More than 1,000 students have been deployed to help build Russia’s first spaceport, the Vostochny Cosmodrome, including for the first time a contingent from the annexed territory of Crimea.
Have we forgotten how to build housing?– Dmitry Medvedev, Russian prime minister
Russian prime minister Dmitry Medvedev used the presence of 1,179 students at the site in the Amur Region in Russia’s Far East to underline the importance of the space centre, which he called Russia’s "most ambitious national construction project".
However, during a visit to the busy site last week he strongly criticised the project for falling behind in building homes for the people who will eventually run the space centre.
While complex rocket launch pads appear nearly finished, local housing is only 30% complete ahead of the government-set deadline of December this year, Medvedev said, calling the lag "inadmissible".
"Have we forgotten how to build housing?" he challenged project officials, according to a transcript of his remarks published by the Russian government.
The Federal Agency for Special Construction, known in Russian as Spetsstroy Rossii, is responsible for 20 different contracts including the launch pads and technical complex, the operations base, a meteorological complex, fuel depots, water-supply, roads, railways and other infrastructure.
In all 8,500 people including the students are working on the vast site in two shifts, without days off, in preparation for the first rocket launch planned for December.
The students, from 32 regions across Russia, are installing curbs and drainage gutters, tying fixtures, pouring concrete and laying bricks, plastering and painting, building roads and doing other auxiliary jobs.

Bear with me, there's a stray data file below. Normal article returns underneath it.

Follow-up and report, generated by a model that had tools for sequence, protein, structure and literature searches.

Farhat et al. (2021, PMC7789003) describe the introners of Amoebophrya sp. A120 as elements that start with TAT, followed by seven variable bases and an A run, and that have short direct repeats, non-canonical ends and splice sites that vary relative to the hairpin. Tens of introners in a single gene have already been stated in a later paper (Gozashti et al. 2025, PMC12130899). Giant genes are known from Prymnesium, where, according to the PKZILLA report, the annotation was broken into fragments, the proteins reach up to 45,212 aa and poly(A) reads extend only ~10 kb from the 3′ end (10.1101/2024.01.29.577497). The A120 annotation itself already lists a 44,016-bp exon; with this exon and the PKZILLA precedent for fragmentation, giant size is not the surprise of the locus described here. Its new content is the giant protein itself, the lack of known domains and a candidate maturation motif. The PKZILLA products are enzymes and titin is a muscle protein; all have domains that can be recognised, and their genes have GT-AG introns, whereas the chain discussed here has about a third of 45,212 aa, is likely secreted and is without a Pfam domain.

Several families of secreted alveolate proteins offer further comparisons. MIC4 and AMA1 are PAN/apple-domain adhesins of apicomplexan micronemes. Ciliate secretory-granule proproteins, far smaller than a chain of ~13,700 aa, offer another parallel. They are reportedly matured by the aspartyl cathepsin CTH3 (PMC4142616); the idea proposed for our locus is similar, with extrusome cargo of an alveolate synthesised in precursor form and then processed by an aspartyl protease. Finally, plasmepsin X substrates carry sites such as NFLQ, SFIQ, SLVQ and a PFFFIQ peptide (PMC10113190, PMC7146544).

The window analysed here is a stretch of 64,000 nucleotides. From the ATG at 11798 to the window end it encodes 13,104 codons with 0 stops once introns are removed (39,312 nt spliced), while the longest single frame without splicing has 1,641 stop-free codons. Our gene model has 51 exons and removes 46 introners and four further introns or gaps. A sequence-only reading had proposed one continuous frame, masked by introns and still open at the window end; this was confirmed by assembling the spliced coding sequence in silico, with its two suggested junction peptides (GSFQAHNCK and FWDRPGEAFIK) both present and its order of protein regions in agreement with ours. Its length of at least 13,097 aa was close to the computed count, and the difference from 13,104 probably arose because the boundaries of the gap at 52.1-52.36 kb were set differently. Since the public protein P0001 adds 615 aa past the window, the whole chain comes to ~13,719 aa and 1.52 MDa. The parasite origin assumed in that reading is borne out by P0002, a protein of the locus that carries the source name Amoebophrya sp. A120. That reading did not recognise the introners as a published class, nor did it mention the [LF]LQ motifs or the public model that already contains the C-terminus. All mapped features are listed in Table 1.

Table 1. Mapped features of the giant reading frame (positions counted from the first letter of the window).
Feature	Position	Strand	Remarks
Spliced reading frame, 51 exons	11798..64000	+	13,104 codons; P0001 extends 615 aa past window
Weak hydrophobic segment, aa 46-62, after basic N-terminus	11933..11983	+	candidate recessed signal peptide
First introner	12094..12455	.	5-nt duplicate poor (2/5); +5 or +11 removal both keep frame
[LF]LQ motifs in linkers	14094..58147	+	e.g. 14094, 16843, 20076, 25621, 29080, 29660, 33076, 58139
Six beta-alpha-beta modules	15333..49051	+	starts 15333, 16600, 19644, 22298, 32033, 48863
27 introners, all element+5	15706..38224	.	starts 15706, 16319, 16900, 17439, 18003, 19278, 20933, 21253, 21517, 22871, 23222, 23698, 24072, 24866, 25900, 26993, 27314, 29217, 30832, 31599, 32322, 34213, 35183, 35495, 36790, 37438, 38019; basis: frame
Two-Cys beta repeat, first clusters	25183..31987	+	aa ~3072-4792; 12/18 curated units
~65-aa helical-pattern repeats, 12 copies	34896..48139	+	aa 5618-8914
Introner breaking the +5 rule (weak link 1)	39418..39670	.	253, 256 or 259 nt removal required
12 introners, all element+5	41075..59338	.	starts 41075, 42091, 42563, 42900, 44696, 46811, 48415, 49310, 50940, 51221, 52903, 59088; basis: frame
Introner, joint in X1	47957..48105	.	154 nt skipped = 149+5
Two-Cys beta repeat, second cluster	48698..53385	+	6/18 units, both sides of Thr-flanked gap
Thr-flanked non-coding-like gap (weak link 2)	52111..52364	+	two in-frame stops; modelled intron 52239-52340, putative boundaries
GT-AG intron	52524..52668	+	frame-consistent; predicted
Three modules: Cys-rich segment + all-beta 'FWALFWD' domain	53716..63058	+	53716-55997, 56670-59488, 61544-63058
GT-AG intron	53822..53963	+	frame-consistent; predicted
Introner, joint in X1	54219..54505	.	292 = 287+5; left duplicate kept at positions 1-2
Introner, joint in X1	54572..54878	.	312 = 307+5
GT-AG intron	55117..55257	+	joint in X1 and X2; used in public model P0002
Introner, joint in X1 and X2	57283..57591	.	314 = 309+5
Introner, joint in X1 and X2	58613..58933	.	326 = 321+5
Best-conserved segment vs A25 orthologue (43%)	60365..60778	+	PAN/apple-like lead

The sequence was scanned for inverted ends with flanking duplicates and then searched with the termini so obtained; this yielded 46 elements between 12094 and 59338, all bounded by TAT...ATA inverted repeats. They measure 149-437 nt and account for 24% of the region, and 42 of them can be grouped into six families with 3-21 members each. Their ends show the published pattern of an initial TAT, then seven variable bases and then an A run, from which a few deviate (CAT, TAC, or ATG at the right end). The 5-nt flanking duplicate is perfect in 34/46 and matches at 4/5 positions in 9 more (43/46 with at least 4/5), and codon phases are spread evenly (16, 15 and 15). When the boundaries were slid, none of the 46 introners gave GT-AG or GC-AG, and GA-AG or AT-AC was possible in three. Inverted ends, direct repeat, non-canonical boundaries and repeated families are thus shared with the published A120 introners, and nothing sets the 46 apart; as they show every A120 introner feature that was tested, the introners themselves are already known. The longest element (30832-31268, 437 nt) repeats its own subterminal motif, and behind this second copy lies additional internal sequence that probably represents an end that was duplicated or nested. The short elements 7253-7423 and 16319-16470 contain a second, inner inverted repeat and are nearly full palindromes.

(The cosmodrome is a) national student-sponsored construction project– Dmitry Medvedev, Russian prime minister
It’s the fourth year students have been brought in to help, but this year’s "Vostochny Cosmodrome national student construction team" has set a record in terms of both the number of participants and duration of work, the government said.
And for the first time, students have come from Sevastopol, Crimea, which Russia annexed from Ukraine in March last year following a referendum.
Medvedev highlighted the importance of the students’ participation by calling the cosmodrome a "national student-sponsored construction project".
The project has come under repeated attacks by the government for delays, alleged contractor embezzlement and staff payment problems, although Medvedev told reporters last week that the cosmodrome now appeared to have entered the "home stretch".
But he expressed dissatisfaction with how the general civil projects were proceeding, especially the residential construction.
"These are simple facilities and they must be built quickly," he said.
"We have these hugely complex launch pads, and they seem to be virtually completed," he told the meeting with Spetsstroy.
"They feature cutting edge engineering solutions and a tremendous amount of complex structures. But have we forgotten how to build housing?"
Photograph: Russian prime minister Dmitry Medvedev, centre, during inspections at Vostochny Cosmodrome, August 2015 (Russian Government)